During a joint news conference with Italian Prime minister Giuseppe Conte on Friday, Macron said "the proper response is European, but the existing European response is not adapted."

The French leader says European solidarity didn't fulfill its role in recent years with Italy, the first European country on the migration route from North Africa. 

Macron called for greater protection of Europe's borders, saying "the existing system doesn't work."


3 p.m.

Italy's foreign minister has met with his Maltese counterpart following a clash over a migrant rescue boat that escalated into a European-wide showdown.

The Italian foreign ministry said that Italy's Enzo Moavero Milanesi and Malta's Carmelo Abela, met Friday in Rome and expressed "the shared desire to work together in tight coordination, especially in European capitals, about migration in terms of revising" EU asylum regulations.

Italy had initially insisted that Malta take in the Aquarius rescue ship and the 629 migrants onboard rescued in a series of operations last weekend. Malta refused, saying it wasn't involved in the rescue. Italy refused as well, leaving the migrants stranded at sea until Spain stepped up to take the Aquarius in.

The Aquarius is currently en route to Valencia, having changed course Thursday due to rough weather.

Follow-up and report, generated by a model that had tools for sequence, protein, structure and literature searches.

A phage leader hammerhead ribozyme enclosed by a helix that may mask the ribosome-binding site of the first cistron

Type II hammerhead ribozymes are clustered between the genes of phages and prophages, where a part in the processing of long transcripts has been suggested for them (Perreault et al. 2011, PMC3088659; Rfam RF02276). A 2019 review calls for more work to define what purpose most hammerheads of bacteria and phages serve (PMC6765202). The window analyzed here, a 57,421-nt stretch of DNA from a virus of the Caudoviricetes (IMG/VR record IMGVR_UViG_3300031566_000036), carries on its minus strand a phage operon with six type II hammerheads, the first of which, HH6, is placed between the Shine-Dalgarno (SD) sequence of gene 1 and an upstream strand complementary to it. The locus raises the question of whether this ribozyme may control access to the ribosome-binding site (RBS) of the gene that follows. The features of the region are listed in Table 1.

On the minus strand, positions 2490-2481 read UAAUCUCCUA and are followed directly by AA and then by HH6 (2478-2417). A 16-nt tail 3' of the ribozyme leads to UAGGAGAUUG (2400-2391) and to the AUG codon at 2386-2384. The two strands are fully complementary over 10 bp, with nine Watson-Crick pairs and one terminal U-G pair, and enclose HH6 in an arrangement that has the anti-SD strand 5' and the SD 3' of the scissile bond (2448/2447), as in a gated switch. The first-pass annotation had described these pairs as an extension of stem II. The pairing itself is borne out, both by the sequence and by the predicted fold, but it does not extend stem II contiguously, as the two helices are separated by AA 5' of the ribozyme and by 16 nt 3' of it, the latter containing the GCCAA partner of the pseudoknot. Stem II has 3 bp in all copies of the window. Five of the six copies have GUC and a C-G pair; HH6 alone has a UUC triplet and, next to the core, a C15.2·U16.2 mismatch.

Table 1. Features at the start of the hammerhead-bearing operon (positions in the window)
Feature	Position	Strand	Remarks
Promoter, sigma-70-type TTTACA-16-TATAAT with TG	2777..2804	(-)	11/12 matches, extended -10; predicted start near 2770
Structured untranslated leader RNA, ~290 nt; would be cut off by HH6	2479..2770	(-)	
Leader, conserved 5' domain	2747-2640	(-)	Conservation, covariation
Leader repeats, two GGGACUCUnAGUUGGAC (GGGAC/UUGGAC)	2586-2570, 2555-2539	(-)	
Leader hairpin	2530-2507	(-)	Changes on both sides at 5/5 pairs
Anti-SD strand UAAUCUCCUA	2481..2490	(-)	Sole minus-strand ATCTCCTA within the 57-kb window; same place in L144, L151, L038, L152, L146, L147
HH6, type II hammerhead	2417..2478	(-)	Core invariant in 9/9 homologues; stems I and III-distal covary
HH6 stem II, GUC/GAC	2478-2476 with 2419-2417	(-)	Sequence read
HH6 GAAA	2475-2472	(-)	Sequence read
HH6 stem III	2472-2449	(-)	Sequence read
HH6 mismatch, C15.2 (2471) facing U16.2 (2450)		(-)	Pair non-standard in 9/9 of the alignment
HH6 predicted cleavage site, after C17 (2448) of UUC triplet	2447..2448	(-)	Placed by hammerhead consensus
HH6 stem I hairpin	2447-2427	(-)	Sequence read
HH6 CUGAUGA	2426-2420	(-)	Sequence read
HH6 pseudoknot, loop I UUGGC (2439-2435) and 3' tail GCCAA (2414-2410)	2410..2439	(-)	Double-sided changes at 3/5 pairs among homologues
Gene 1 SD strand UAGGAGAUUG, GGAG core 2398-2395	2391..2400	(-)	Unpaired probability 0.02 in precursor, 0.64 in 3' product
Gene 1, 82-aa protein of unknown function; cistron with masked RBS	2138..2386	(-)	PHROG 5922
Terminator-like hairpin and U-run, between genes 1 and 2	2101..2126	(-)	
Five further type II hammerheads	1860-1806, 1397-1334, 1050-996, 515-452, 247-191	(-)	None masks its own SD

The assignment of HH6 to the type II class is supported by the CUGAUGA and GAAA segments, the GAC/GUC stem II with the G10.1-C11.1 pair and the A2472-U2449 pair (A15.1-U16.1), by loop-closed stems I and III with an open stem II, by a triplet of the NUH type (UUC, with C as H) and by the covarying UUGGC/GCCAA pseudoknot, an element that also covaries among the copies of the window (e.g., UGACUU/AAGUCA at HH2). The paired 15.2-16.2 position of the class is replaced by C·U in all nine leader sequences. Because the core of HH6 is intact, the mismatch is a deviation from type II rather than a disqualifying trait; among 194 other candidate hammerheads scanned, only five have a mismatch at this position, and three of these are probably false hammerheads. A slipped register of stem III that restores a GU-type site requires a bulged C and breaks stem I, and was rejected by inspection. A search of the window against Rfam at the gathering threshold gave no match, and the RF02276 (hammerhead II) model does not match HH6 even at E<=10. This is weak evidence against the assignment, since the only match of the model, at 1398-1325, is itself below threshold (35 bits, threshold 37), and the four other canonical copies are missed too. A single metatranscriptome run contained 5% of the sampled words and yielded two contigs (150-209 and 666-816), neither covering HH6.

2:40 p.m.

Spain's maritime rescue service says it has rescued around 270 migrants and recovered three bodies from more than 30 boats trying to cross from Africa by sea.

The rescue service says Friday's fog is cramping rescuers' efforts to locate three more boats in the Alboran Sea, east of the Strait of Gibraltar.

Nine rescue boats, a helicopter and an airplane from the European border agency, Frontex, are taking part in the operation.

Fleeing violent conflicts or extreme poverty, the migrants attempt the perilous journey into Europe in smugglers' dinghies or fragile, inflatable recreational boats.

At least 792 migrants have died so far this year trying to cross the Mediterranean, according to the United Nations. Through the first five months of 2018, 35,455 migrants reached European shores, with 11,792 of them arriving in Spain.


2:15 p.m.

The Spanish government says it will pass a decree to extend public health care to foreigners without residence permits as part of new migration policies.